Durban - Farhad Hoomer claims he is being treated like an outcast by sections of the Muslim community. This after he was kicked out of an Islamic conference and allegedly labelled a “terrorist” by the organisers.
Hoomer, 42, a businessman from Overport, Durban, is facing a charge of terrorism in the Verulam Magistrate’s Court. He is also accused of having links to the militant group Islamic State.
The father of eight said he was shocked and hurt when he was prevented from attending the Southern African Ulama Forum Conference hosted by the Darul Ihsan Humanitarian Centre at the Crescent Hall in Parlock.
The conference was set down for two days - October 19 and 20 - and, according to Hoomer, the public was invited to attend via radio.
He attended the conference on Saturday and was welcomed by other guests. However, when an official noticed his presence, Hoomer claimed he was asked to leave.
He said he left the conference to attend prayer at a nearby mosque. After the prayer he noticed an official taking pictures of him with a cellphone, but he didn’t do anything about it. He returned the next morning but was stopped at the entrance of the parking lot.
“The official told me I was not allowed in the area. When I questioned him, he said I was a terrorist and I was affiliated to Isis. The official added that those in charge of the conference did not want to allow me in.”
Hoomer refused to leave the venue and asked to see the officials in charge.
He said five officials subsequently met him, together with members of the police and a private security company.
“They again asked me to leave. I told them I wanted clarity on why I was not allowed to attend the conference. They promised to arrange a meeting for us to discuss the matter.”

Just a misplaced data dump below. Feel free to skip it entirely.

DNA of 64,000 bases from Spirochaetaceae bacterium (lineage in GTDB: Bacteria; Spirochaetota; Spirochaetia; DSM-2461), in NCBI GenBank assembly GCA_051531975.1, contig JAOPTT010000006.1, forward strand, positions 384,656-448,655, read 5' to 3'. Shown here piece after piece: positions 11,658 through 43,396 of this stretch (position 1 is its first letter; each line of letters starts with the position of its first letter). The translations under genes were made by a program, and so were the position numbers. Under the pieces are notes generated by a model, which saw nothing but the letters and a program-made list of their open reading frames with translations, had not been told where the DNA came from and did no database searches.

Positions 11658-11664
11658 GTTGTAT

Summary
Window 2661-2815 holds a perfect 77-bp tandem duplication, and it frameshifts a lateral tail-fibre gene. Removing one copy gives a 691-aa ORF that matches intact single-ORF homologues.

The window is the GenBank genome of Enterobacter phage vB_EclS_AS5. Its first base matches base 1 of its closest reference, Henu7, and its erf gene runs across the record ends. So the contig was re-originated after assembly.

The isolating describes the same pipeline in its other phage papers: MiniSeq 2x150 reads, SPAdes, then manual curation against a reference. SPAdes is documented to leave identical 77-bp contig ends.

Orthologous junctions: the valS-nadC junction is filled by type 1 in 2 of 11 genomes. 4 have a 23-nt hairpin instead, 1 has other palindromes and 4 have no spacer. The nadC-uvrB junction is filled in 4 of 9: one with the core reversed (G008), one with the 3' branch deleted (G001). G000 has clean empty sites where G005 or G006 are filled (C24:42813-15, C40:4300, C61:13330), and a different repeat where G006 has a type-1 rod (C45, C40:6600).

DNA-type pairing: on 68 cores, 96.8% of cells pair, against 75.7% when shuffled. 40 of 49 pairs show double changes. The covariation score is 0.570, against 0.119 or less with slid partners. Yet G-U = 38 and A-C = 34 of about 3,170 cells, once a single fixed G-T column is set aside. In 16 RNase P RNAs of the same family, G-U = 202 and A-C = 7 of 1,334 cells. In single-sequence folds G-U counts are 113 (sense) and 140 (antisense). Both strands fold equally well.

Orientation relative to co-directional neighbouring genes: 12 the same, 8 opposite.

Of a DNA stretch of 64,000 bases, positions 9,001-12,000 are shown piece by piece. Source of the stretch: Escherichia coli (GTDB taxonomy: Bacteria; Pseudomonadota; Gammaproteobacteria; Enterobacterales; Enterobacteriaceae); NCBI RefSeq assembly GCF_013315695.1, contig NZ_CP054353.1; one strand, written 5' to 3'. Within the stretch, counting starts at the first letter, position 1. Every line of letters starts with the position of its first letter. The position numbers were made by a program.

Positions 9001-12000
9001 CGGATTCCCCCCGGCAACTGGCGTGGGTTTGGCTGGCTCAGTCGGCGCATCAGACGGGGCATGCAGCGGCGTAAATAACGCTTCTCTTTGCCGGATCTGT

Hoomer said he left the conference but felt like an outcast.
“I was hurt and what shocked me the most was that this was an Islamic event. Before my arrest, I was welcomed by this organisation. We have prayed shoulder to shoulder together. Now, all of a sudden, I am an outcast. The court is yet to determine if I am innocent or guilty but the organisers have already found me guilty.”
Hoomer said he was confident he would be found not guilty.
“I was arrested just over a year ago and none of the maulanas or Islamic scholars have spoken to me or called me about the allegations against me. How do they now find me guilty without even speaking to me? How can they label me as a terrorist? They have already prosecuted, put me on trial and sentenced me.”
Hoomer has written to the centre seeking an apology but is yet to receive a reply.
“They never set up a meeting to clarify why I was not allowed into the conference.
“They need to apologise for the injustice they have caused and the fact that they have impaired me in front of people that morning.”
Hoomer was arrested in October last year in Reservoir Hills along with 17 other men. He has been accused of being the mastermind behind the attack on the Imam Hussain Mosque in Verulam in May last year.
The attack claimed the life of Abbas Essop.
The group is also accused of planting incendiary devices around Durban.
“The allegations levelled against me has put a strain on me and my family. I ran a property business and a diamond and gold business. I have lost R15million in revenue since I was arrested.”
Hoomer said he had only recently been granted permission to travel aboard for business.
“I am trying to get my businesses back on track. The majority of my suppliers and business affiliates have pulled out of business with me because I am now labelled as a terrorist.
“I was kept in custody for 53 days and this was emotionally traumatic for my eight children, four of whom are in school as well as my wives.”
Hoomer said he knows nothing about Isis or terrorism.
“These things are happening in Syria and Iraq. I cannot comment on them. One man’s terrorist is another man’s freedom fighter. Just look at the life of Nelson Mandela.”
The Darul Ihsan Humanitarian Centre said the Southern African Ulama Forum Conference was only for Islamic scholars.
Muhammad Ameer, the centre’s secretary, said the conference was part of a professional development programme.
“Being a conference of Islamic scholars, participation is strictly by invitation only and confined to individuals belonging to the fraternity. Delegates were required to register electronically. Only registered persons were allowed entry into the conference.”
However, certain individuals, added Ameer, served as volunteers and support personnel.
“Mr Hoomer arrived at the conference venue in Parlock on Sunday morning and insisted on being allowed to attend. He was intercepted by security at the entrance, denied entry and (was) requested to leave.”
Ameer said Hoomer was told about the attendance protocol and requirements and he left the venue.